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The last 30 years have been characterised by a growing dependence on private companies to provide public services but there has been a human and economic cost to letting the market determine price
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About 1,000 Dutch Catholic churches – around two-thirds of the total in the country –will be shut by 2025, Cardinal Willem Eijk warned Pope Francis at an ad limina visit on Monday. The decline will occur as the Church reorganises its parishes under the pressure of “drastic secularisation” and dwindling congregations and collections.
A sober report by the Netherlands bishops’ conference said the Dutch Church was a shrinking “Church in reorganisation” that had to close many lesser-used buildings and merge parishes into larger units to deal with its diminishing resources. Last year, there were 1,593 Catholic churches in Holland, a 10 per cent decline from 2004. This trend is set to accelerate.
“We predict that a third of these Catholic churches in our country will be closed by 2020 and two-thirds by 2025,” said Cardinal Eijk, Archbishop of Utrecht and head of the bishops’ conference. “We hope to be able to maintain a number of churches that will be centres for communities of Christians with a living faith.”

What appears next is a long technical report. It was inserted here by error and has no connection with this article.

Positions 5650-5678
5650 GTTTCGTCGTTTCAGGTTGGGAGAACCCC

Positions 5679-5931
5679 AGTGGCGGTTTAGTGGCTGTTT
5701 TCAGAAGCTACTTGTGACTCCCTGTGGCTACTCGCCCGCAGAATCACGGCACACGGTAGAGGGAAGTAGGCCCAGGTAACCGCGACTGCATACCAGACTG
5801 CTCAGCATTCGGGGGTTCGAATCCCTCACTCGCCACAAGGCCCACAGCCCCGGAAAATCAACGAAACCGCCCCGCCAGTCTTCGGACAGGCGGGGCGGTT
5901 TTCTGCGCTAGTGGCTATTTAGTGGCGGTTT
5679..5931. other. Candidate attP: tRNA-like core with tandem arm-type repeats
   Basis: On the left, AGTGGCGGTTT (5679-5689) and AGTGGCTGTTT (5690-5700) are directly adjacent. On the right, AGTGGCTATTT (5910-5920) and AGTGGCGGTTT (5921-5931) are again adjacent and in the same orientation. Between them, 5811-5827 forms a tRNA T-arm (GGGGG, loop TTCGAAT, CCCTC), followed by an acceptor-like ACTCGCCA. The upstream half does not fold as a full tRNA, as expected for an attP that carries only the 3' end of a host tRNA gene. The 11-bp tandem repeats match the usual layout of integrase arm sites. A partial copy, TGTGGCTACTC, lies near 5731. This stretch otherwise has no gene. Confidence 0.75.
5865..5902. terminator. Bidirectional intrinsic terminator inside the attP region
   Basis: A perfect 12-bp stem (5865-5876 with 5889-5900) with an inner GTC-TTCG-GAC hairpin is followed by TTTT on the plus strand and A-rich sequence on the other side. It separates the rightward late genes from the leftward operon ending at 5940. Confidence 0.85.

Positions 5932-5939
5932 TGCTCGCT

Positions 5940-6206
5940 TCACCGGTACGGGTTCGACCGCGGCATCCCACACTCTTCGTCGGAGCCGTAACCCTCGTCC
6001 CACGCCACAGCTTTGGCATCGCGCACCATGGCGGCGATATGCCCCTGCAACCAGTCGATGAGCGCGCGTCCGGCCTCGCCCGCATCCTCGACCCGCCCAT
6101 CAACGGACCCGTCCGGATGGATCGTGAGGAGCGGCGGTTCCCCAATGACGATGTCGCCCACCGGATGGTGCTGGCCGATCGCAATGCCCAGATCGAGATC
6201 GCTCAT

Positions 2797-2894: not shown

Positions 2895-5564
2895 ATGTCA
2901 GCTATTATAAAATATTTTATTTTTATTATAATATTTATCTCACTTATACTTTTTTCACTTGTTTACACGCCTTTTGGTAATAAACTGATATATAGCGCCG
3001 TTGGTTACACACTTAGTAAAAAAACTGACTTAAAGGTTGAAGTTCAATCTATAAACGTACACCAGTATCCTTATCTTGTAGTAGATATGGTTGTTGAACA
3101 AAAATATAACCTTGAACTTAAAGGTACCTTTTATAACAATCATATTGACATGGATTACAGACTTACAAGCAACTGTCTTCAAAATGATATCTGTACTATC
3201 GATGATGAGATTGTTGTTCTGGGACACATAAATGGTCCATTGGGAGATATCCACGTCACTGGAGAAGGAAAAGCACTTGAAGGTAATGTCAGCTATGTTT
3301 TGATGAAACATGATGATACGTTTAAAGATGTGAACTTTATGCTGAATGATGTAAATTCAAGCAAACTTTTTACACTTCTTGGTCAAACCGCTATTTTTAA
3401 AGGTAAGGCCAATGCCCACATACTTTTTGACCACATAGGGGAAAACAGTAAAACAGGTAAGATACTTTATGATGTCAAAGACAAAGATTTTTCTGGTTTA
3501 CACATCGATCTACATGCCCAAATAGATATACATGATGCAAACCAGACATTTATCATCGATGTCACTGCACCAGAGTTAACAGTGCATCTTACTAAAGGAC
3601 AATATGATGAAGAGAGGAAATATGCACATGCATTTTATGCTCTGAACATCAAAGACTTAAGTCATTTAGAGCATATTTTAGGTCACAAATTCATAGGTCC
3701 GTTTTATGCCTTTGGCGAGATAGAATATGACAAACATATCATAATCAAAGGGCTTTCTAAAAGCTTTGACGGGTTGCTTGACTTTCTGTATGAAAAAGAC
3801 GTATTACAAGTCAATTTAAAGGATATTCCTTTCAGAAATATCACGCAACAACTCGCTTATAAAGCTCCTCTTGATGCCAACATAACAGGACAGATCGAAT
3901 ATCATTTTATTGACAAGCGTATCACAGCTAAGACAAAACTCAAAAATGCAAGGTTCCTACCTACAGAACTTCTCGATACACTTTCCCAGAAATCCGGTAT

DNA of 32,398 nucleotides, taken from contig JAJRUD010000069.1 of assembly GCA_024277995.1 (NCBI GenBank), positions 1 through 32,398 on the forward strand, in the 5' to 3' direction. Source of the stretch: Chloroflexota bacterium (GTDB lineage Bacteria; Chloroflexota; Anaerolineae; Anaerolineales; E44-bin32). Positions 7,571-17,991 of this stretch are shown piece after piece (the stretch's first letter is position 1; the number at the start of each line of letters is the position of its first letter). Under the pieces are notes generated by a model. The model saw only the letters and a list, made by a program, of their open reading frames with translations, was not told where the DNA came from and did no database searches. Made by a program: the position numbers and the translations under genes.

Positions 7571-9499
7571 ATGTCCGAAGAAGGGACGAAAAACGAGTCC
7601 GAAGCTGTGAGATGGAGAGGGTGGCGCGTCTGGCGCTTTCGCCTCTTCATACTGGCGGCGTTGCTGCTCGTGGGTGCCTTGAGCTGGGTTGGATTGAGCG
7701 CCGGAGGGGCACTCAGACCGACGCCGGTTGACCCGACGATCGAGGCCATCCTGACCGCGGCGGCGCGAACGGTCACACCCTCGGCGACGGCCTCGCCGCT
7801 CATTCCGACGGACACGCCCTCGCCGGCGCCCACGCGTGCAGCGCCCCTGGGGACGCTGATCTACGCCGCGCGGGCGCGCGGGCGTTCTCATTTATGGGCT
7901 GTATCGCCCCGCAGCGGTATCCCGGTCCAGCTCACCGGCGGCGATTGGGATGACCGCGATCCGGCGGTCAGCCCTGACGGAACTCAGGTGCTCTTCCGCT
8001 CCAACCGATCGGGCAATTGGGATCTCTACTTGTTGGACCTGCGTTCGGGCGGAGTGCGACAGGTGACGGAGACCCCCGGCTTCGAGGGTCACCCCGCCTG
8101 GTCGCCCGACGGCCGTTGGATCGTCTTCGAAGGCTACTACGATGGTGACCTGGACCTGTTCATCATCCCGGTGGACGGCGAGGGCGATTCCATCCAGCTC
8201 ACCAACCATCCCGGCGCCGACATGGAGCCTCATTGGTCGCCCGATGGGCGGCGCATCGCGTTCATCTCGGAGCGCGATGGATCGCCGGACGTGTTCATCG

The bishops delivered a report to the Vatican saying the percentage of Catholics in the Dutch population had dropped from 28.4 per cent to 24.1 per cent since 2004, the date of the last ad limina visit. Eijk told Vatican Radio that government estimates put the total at only 16 per cent, dropping to 10 per cent by 2020.
Regular Mass attendance has fallen from 7.8 per cent of all Catholics in 2004 to 5.6 per cent last year; baptisms are down from 17.8 per cent to 11 per cent of all births and church weddings have fallen from 9.1 per cent to 4 per cent of all weddings in the Netherlands. The number of working priests has dropped by a quarter in eight years – from 999 in 2004 to 743 last year.
The only bright spot in the Church statistics was a drop this year in the rate of people leaving the Church, probably because of the “Francis effect”. About 7,500 had left by late October, compared to 15,766 for all of 2012.